Student Spotlight: Follow up with Christine Lambert

By: Hannah Seltzer

I decided to check back in with our friend Christine Lambert after her exciting summer with the Pennsylvania Game Commission (PGC). When we last interviewed Christine, she told us about her journey in the conservation and wildlife management major. I wanted to get the amazing details about her internship, how it relates to E360, and showcase some of the incredible opportunities DelVal students can experience.

While Christine earned her E360 credit to graduate, she gained immeasurable experiences and connections within her desired field.

“I learned that people in the wildlife field are incredibly passionate about what they do. I also learned that this field is more about who you know than what you know because connections are very important and can expose you to opportunities you otherwise wouldn’t have heard of,” she said.

Along with discovering the importance of her professional connections, Christine realized that her future career may not be the most financially generous, demonstrating the true passion these professionals have for their career.

With that same passion Christine was able to have what she called “the most hands-on you will get with wildlife, hands down.” She got to work alongside other interns while maintaining a unique role with the commission. The PGC is divided into six regions and Christine was an intern for the southeast region for 10 weeks and remained on their payroll working weekends and remotely until the end of 2021. She worked daily with Bio Aides, Field Technicians, and Wildlife Biologists all under John Morgan, the commission’s Wildlife Management Supervisor. Here is a list of tasks she performed while in this role:

  • Trapping and banding several game and non-game birds such as barn owls, American kestrels, Canada geese, and mourning doves.
  • Trapping and marking black bears.
  • Monitoring bald eagle and osprey nests, and great-blue heron rookeries.
  • Extracting tissues from white-tailed deer for Chronic Wasting Disease (CWD) testing.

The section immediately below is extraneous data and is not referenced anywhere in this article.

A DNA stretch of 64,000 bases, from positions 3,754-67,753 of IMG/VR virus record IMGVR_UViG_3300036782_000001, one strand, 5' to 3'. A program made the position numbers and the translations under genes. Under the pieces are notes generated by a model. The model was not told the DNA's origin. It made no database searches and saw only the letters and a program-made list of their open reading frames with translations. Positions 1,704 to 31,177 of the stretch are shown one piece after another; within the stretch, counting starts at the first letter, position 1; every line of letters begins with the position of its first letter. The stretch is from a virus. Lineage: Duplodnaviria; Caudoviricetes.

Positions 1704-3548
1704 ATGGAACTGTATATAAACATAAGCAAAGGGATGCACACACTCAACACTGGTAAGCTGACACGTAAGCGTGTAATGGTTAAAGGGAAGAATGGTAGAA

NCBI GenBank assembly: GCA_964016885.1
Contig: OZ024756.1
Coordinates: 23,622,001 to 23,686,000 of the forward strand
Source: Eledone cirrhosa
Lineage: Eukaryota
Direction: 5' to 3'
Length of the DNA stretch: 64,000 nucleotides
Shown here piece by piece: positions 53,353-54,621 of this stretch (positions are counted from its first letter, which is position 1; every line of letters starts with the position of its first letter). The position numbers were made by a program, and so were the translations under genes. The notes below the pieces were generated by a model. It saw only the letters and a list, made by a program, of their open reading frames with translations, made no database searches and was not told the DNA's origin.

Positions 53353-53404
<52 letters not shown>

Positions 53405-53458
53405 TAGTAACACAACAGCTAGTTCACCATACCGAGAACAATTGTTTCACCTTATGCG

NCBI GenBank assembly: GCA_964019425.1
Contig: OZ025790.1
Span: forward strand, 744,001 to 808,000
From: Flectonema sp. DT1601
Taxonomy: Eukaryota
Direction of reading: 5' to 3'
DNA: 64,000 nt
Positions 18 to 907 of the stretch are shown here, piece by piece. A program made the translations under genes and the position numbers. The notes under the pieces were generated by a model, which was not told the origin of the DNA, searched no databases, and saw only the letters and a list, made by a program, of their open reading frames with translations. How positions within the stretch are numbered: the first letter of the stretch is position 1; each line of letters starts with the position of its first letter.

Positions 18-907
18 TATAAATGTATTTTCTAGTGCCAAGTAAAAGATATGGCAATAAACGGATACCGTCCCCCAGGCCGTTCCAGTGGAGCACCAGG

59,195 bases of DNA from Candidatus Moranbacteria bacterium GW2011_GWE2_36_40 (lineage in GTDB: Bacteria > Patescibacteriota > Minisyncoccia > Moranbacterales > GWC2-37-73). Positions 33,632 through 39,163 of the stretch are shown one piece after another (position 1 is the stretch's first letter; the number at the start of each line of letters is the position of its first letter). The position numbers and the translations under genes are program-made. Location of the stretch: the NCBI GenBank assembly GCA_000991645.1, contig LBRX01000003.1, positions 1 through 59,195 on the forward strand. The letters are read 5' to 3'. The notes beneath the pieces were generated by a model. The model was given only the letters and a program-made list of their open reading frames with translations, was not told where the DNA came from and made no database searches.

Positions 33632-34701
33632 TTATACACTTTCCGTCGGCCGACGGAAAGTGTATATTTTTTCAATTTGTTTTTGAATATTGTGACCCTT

• Conducting habitat assessments around American kestrel nest sites.
  • Conducting songbird surveys using point counts.
  • Conducting Indiana bat foraging surveys via radiotelemetry.
  • Conducting necropsies for baseline research and/or to determine cause of death.

Before her experience this summer, Christine had limited experience with wildlife. As you can see, this internship opened many doors, giving her a sense of the professional and field environments and a confidence boost going into her future career.

Following graduation, Christine plans to take her newfound experiences, and pursue jobs out west. After spending the past 21 years on this side of the country, she is ready to gain experience in other states and in other parts of the country. Since many wildlife jobs are seasonal and part-time, as well as competitive, Christine plans to diversify her resume and gain experience working with different agencies.

“Ultimately, I would like to work with a federal as well as private organization so I can compare and contrast the working environment and benefits with the state agency I spent my time with this past summer,” she said. Beyond the PGC, Christine’s goal is to earn her master’s degree and become a wildlife biologist “where I can be confident my work directly benefits wildlife, conservation efforts, and my agency.”

Thank you for sharing you experiences Christine, all of us here at Full360 wish you the best of luck in all of your future endeavors!    

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